Our Five Loaves and Two Fish, Eighteenth Sunday of Ordinary Time (A), July 31, 2005

Fr. Roger J. Landry
St. Anthony of Padua Church, New Bedford, MA
Eighteenth Sunday in Ordinary Time, Year A
July 31, 2005
Is 55:1-3; Rom 8:35, 37-39; Mt 14:13-21

1) In today’s Gospel, Jesus teaches very clearly about what he expects from us and how God generally works. We begin with his expectations of his followers. When the disciples saw the huge multitude, they wanted to send them away to fend for themselves. Jesus, on the other hand, wanted them to feel a deep personal responsibility for their welfare. “They need not go away,” the Lord said: “YOU give them something to eat.” Very often, we try to pass the buck on others’ difficulties, saying “that’s their problem,” not mine. But such a response is not worthy of a disciple. St. Paul said in today’s second reading that nothing — not hunger or nakedness, distress or hardship, peril or persecution or the sword — can separate us from God’s love. Therefore, if we are to love others as Christ has loved us, whenever others are experiencing hunger or homeless, struggles and difficulties, loneliness or persecution, we cannot be separated from them, but must work with Jesus for them. One concrete way to examine whether we are being good disciples is with respect to our parish food pantry. There are hundreds of families in this area who do not have sufficient food. The question for us is whether we take their needs personally and do something about it, by volunteering to work at the food pantry or in the acquisition of food, or — if your work schedule makes that impossible — by contributing generously by using the Food Pantry envelopes found at the entrances of the Church, or, if God has made you even poorer than they, even by praying for their families that they may find work and their kids may not go malnourished. Jesus tells us, as much as he told his disciples two thousand years ago, “You give them something to eat!” We might be tempted like the first disciples to respond, “What can we do in response to such a crowd?” All the disciples had was five loaves and two fish — not enough even to feed a large family, not to mention 5000 families — and they likewise felt the disproportion between their resources and the need. But that leads us to the second point, how God works his miracles.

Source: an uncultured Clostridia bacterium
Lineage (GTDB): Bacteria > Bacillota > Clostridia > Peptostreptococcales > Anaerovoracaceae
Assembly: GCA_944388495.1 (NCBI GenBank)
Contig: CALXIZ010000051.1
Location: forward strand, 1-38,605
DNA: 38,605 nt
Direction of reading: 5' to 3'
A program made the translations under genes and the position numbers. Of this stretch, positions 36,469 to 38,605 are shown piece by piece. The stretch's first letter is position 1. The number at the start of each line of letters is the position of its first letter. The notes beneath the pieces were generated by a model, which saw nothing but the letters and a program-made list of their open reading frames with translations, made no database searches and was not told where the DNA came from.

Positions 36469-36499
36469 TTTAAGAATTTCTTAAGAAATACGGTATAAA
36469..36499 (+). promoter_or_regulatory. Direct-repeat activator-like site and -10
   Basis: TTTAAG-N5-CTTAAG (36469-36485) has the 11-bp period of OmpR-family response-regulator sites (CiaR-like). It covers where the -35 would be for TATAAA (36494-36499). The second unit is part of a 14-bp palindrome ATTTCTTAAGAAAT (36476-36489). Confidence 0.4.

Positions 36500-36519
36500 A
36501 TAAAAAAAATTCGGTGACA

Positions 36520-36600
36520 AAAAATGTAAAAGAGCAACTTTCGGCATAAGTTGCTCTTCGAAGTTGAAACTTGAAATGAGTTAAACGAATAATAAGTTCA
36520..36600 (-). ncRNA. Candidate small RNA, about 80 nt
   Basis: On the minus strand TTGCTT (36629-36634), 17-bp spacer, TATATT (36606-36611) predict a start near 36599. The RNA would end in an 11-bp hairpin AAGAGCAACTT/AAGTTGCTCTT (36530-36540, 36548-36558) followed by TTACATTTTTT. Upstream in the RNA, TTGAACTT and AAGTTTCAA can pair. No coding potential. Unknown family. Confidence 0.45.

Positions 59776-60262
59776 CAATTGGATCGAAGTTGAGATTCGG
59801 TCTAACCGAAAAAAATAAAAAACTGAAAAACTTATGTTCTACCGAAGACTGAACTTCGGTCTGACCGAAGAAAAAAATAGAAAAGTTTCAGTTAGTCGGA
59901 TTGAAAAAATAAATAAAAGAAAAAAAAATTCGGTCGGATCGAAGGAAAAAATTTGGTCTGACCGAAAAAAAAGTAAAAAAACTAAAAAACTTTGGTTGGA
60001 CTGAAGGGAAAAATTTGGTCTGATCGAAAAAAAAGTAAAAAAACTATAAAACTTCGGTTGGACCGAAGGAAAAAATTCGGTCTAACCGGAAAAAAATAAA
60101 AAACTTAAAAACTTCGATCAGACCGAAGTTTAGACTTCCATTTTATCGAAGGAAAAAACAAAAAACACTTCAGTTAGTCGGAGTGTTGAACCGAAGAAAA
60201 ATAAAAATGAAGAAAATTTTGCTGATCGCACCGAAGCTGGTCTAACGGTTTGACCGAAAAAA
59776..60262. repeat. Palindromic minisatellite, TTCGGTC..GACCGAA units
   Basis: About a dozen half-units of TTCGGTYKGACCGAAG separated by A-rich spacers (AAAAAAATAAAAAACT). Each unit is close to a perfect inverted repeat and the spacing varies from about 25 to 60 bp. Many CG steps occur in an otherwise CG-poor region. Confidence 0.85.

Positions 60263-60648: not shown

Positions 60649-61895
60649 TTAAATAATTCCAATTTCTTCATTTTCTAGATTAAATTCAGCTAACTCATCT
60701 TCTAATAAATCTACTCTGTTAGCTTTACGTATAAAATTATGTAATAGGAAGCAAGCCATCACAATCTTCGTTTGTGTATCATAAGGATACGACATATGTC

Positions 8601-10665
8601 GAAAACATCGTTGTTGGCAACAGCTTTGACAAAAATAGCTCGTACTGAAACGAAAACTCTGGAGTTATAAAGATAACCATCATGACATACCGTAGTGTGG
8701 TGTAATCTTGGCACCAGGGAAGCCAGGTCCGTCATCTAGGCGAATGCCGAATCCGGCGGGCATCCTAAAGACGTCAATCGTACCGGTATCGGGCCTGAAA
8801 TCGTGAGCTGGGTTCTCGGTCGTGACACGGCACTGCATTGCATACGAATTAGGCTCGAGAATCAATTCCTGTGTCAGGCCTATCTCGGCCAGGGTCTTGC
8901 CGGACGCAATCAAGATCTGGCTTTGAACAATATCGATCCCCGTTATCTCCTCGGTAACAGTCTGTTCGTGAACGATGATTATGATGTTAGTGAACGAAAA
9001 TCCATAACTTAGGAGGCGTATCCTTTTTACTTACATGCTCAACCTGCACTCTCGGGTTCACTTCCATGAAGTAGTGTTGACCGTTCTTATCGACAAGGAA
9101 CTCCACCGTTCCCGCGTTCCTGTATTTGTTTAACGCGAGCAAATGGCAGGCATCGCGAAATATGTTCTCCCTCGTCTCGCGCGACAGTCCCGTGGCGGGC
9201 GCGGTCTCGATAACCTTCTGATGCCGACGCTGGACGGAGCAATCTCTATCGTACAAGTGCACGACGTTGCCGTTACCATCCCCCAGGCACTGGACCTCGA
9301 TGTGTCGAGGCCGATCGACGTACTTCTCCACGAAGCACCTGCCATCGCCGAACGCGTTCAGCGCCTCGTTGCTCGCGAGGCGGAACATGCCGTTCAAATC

2) When Jesus saw the infamished crowds, he could have easily worked a miracle from scatch. He who created the heavens and the earth out of nothing, who fed the Israelites in the desert with miraculous manna and quails from heaven (Ex 16:13,31), could easily have satiated the hungry multitude all by himself. He didn’t need human assistance. But that isn’t the way he wanted to act. He wanted to start with his disciples’ generosity. He wanted to involve them in his miracle. He wanted to start with the best and the most that people had, and bring their generosity to completion.

3) This is the way God generally operates with us. He could do it everything by himself, but he knows that wouldn’t be ultimately good for us. Just like a parent recognizes that it’s not good to do everything for a child, but often gives a child a project and helps the child complete it, so God out of love wants to give us the joy and dignity of being cooperators with him in what he’s doing for us and for others. Look at the wonderful story of the apostles. Jesus wanted to involve these simple men in the most important mission ever, the proclamation of the kingdom of God and the salvation of the human race. He could have done it all himself. He could have stayed here on earth until the end of time, traversed every land, preached and cured by himself, but he wanted them to share in this mission. He gave them his message and his authority. They weren’t necessarily talented men, they were, for the most part, blue-collar folks, sinners just like us, but they were capable of saying yes to God, to offering to him their good will, and all the talents he gave them — whether they were a meager one loaf and one fish, or many more — and allowing the Lord to multiply their offerings by his divine power.